times, and have subsequently been augmented, chiefly through the contests
of rival males for the possession of the females. The greater intellectual
vigour and power of invention in man is probably due to natural selection,
combined with the inherited effects of habit, for the most able men will
have succeeded best in defending and providing for themselves and for their
wives and offspring. As far as the extreme intricacy of the subject
permits us to judge, it appears that our male ape-like progenitors acquired
their beards as an ornament to charm or excite the opposite sex, and
transmitted them only to their male offspring. The females apparently
first had their bodies denuded of hair, also as a sexual ornament; but they
transmitted this character almost equally to both sexes. It is not
improbable that the females were modified in other respects for the same
purpose and by the same means; so that women have acquired sweeter voices
and become more beautiful than men.

It deserves attention that with mankind the conditions were in many
respects much more favourable for sexual selection, during a very early
period, when man had only just attained to the rank of manhood, than during
later times. For he would then, as we may safely conclude, have been
guided more by his instinctive passions, and less by foresight or reason.
He would have jealously guarded his wife or wives. He would not have
practised infanticide; nor valued his wives merely as useful slaves; nor
have been betrothed to them during infancy. Hence we may infer that the
races of men were differentiated, as far as sexual selection is concerned,
in chief part at a very remote epoch; and this conclusion throws light on
the remarkable fact that at the most ancient period, of which we have not
as yet any record, the races of man had already come to differ nearly or
quite as much as they do at the present day.

The views here advanced, on the part which sexual selection has played in
the history of man, want scientific precision. He who does not admit this
agency in the case of the lower animals, will disregard all that I have
written in the later chapters on man. We cannot positively say that this
character, but not that, has been thus modified; it has, however, been
shewn that the races of man differ from each other and from their nearest
allies, in certain characters which are of no service to them in their
daily habits of life, and which it is extremely probable would have been
modified through sexual selection. We have seen that with the lowest
savages the people of each tribe admire their own characteristic
qualities,--the shape of the head and face, the squareness of the cheek-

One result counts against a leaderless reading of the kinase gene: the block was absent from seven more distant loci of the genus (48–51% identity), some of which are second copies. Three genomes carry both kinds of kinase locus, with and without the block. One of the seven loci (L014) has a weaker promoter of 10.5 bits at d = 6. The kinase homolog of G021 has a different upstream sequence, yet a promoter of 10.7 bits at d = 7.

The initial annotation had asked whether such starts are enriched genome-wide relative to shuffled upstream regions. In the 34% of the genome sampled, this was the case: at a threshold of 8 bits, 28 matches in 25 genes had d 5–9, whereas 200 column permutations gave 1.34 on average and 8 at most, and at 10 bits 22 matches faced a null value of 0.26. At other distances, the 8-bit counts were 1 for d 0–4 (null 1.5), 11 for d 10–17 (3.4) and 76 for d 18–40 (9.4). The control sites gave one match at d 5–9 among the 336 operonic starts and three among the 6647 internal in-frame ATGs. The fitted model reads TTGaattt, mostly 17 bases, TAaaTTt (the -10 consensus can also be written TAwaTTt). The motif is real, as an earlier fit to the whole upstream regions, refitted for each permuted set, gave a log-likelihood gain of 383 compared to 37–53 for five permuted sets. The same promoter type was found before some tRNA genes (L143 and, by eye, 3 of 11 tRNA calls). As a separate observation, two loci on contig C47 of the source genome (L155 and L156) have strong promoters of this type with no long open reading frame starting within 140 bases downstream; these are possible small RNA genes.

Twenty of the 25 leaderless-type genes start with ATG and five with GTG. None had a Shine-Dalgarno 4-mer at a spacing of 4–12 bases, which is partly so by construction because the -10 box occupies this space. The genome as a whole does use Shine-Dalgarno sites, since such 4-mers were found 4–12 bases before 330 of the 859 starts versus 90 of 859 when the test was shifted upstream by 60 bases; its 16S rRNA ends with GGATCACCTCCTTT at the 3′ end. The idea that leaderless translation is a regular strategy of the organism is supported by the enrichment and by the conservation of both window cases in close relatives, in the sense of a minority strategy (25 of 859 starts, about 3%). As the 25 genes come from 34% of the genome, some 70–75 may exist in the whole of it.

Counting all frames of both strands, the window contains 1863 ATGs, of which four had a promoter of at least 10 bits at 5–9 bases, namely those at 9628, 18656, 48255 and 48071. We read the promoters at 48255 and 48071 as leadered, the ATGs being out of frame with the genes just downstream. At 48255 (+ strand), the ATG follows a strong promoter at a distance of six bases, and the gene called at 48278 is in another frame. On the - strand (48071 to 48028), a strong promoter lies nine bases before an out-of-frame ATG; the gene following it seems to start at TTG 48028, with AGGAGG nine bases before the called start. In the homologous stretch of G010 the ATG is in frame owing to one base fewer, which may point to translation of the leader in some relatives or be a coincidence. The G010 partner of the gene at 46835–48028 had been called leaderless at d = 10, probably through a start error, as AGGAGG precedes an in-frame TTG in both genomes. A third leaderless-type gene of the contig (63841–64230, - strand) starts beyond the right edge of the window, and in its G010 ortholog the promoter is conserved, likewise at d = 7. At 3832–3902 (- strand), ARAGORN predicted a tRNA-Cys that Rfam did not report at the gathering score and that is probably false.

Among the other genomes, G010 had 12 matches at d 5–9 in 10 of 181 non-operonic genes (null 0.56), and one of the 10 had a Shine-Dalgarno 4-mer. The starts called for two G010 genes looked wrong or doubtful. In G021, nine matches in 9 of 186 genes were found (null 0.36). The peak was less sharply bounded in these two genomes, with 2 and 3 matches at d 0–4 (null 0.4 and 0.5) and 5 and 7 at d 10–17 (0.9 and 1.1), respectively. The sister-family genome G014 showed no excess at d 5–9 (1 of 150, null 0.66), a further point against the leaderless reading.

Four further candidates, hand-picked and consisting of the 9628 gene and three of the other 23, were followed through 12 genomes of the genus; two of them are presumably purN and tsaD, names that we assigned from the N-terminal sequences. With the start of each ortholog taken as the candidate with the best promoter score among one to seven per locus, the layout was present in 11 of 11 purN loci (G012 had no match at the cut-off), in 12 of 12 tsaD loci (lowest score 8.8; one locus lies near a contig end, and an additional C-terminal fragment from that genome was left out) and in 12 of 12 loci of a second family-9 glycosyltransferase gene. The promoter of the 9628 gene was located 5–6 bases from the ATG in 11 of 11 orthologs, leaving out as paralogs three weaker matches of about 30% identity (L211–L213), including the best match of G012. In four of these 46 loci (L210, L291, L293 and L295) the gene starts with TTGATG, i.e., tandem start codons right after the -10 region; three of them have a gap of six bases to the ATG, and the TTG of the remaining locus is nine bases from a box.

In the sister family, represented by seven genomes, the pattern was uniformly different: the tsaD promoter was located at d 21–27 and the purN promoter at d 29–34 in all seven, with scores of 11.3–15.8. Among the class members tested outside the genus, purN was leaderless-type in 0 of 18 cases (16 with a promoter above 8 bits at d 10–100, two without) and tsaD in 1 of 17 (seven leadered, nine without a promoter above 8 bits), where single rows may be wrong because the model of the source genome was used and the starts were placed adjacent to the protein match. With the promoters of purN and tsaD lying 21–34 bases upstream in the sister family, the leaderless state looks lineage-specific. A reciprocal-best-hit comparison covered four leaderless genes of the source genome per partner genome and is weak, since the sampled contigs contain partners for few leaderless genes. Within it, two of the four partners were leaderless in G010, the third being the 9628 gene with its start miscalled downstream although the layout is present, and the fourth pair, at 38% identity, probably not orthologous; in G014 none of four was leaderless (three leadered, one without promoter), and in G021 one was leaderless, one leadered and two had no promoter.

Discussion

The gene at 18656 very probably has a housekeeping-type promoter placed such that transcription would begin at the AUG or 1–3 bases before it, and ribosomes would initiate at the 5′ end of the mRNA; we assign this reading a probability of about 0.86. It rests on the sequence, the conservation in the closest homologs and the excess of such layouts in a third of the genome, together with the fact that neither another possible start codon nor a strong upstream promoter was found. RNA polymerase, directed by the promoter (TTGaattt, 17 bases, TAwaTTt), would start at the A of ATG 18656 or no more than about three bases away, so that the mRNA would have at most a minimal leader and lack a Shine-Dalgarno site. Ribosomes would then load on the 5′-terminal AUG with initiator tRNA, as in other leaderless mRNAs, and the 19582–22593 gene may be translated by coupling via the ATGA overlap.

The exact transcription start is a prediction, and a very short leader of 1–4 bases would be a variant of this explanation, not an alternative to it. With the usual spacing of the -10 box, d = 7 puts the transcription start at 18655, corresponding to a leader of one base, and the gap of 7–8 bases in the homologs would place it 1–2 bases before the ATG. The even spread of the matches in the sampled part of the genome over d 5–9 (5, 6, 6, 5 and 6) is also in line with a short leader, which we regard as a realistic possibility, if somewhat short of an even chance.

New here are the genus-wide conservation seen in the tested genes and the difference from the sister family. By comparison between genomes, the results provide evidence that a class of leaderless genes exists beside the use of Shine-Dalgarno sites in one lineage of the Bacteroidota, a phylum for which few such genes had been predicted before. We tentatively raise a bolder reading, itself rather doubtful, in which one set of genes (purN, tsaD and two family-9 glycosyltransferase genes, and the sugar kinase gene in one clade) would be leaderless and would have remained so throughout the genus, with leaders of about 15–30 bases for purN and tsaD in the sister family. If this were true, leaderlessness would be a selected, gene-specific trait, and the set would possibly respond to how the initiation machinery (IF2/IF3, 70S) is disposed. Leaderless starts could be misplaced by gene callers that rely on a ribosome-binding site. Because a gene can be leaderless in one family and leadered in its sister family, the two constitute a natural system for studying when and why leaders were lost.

bones, the prominence or depression of the nose, the colour of the skin,
the length of the hair on the head, the absence of hair on the face and
body, or the presence of a great beard, and so forth. Hence these and
other such points could hardly fail to be slowly and gradually exaggerated,
from the more powerful and able men in each tribe, who would succeed in
rearing the largest number of offspring, having selected during many
generations for their wives the most strongly characterised and therefore
most attractive women. For my own part I conclude that of all the causes
which have led to the differences in external appearance between the races
of man, and to a certain extent between man and the lower animals, sexual
selection has been the most efficient.



Main conclusion that man is descended from some lower form--Manner of
development--Genealogy of man--Intellectual and moral faculties--Sexual
Selection--Concluding remarks.

A brief summary will be sufficient to recall to the reader's mind the more
salient points in this work. Many of the views which have been advanced
are highly speculative, and some no doubt will prove erroneous; but I have
in every case given the reasons which have led me to one view rather than
to another. It seemed worth while to try how far the principle of
evolution would throw light on some of the more complex problems in the
natural history of man. False facts are highly injurious to the progress
of science, for they often endure long; but false views, if supported by
some evidence, do little harm, for every one takes a salutary pleasure in
proving their falseness: and when this is done, one path towards error is
closed and the road to truth is often at the same time opened.

The main conclusion here arrived at, and now held by many naturalists who
are well competent to form a sound judgment, is that man is descended from
some less highly organised form. The grounds upon which this conclusion
rests will never be shaken, for the close similarity between man and the
lower animals in embryonic development, as well as in innumerable points of
structure and constitution, both of high and of the most trifling
importance,--the rudiments which he retains, and the abnormal reversions to
which he is occasionally liable,--are facts which cannot be disputed. They
have long been known, but until recently they told us nothing with respect
to the origin of man. Now when viewed by the light of our knowledge of the
whole organic world, their meaning is unmistakable. The great principle of
evolution stands up clear and firm, when these groups or facts are
considered in connection with others, such as the mutual affinities of the
members of the same group, their geographical distribution in past and